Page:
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Bowe Bergdahl hires lawyer for military investigation

The former prisoner of war has hired an attorney for the military investigation into his 2009 disappearance from his post in Afghanistan.
Idaho Town Awaits Return Of Taliban Hostage Bowe Bergdahl
A sign hangs taped to the outside of a store window, one of the few public displays of support for freed Afghan POW Bowe Bergdahl remaining downtown in his hometown on July 13, 2014 in Hailey, Idaho.

Army Sgt. Bowe Bergdahl is "grateful" to President Barack Obama for returning him to the United States after nearly five years of captivity in Afghanistan, said Eugene Fidell, the lawyer hired to represent the former prisoner of war.

"He's very grateful to President Obama for having saved his life," Fidell told NBC News on Wednesday.

Fidell, who teaches military justice at Yale Law School, confirmed to NBC that he will represent Bergdahl throughout the military investigation into the circumstances of the soldier's 2009 disappearance from his post.

Bergdahl could be sent to military prison if he is found to have deserted his station in Afghanistan.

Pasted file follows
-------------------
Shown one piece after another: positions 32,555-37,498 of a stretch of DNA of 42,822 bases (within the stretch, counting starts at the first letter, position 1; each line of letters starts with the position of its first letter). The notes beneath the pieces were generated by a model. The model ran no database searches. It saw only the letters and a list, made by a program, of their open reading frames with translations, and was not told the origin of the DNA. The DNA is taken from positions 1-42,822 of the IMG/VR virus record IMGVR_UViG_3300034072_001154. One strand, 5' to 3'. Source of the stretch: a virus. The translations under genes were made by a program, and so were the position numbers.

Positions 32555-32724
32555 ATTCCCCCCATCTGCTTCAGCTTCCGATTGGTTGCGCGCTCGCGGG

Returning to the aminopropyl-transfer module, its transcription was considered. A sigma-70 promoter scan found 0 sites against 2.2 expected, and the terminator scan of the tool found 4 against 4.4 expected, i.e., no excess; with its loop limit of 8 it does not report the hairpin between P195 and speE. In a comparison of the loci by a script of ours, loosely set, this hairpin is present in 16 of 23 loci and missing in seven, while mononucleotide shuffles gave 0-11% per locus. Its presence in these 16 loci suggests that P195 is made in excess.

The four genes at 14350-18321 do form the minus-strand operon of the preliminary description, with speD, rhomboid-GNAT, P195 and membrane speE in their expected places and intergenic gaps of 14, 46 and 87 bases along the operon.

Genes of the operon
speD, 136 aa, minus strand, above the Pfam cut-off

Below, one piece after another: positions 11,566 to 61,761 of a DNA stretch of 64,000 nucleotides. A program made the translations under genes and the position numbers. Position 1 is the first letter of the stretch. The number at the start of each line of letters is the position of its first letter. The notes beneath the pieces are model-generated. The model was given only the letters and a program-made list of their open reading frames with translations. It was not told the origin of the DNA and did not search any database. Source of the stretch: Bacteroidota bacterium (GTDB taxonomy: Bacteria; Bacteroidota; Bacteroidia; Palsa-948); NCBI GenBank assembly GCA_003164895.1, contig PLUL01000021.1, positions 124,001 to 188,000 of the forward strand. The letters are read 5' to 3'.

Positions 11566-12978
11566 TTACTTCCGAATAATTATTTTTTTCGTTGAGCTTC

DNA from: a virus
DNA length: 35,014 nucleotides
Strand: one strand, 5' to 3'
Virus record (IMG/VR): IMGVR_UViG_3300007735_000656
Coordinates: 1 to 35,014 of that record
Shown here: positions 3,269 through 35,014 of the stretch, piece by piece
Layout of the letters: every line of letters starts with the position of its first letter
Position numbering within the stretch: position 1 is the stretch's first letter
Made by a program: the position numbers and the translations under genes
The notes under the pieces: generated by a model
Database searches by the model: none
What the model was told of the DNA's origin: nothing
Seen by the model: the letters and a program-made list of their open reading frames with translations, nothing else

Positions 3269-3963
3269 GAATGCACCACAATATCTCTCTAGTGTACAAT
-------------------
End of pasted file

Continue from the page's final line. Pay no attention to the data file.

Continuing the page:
"What I can tell you is that he's been entirely cooperative with the government and that he has that kind of gratitude that a person whose life been saved has," Fidell said, adding that he doesn't expect the military to question Bergdahl in the immediate stages of the investigation.

Bergdahl, who was released in May after being held by the Taliban in Afghanistan, reportedly returned to active duty this week. Obama agreed to free five Gitmo prisoners in exchange for the American soldier, a decision that has been condemned by many Republicans. Critics also claimed the swap violated the National Defense Authorization Act because Obama did not notify Congress 30 days before transferring prisoners from Gitmo. 

Related: What Republicans have said about Bergdahl

Bergdahl was initially treated in Germany before receiving additional care in Texas. He will now work a desk job at Fort Sam Houston while he continues transitioning back to American life.

An unverified photograph posted to the Internet last week from a Twitter account associated with the Taliban showed Bergdahl smiling while standing next to a bearded man. Identified in the tweet as “Leader Badar’udin Haqqani,” a former member of the Taliban, the man has his left arm wrapped around Bergdahl's shoulder. Haqqani was killed two years ago during a suspected U.S. missile strike in Pakistan.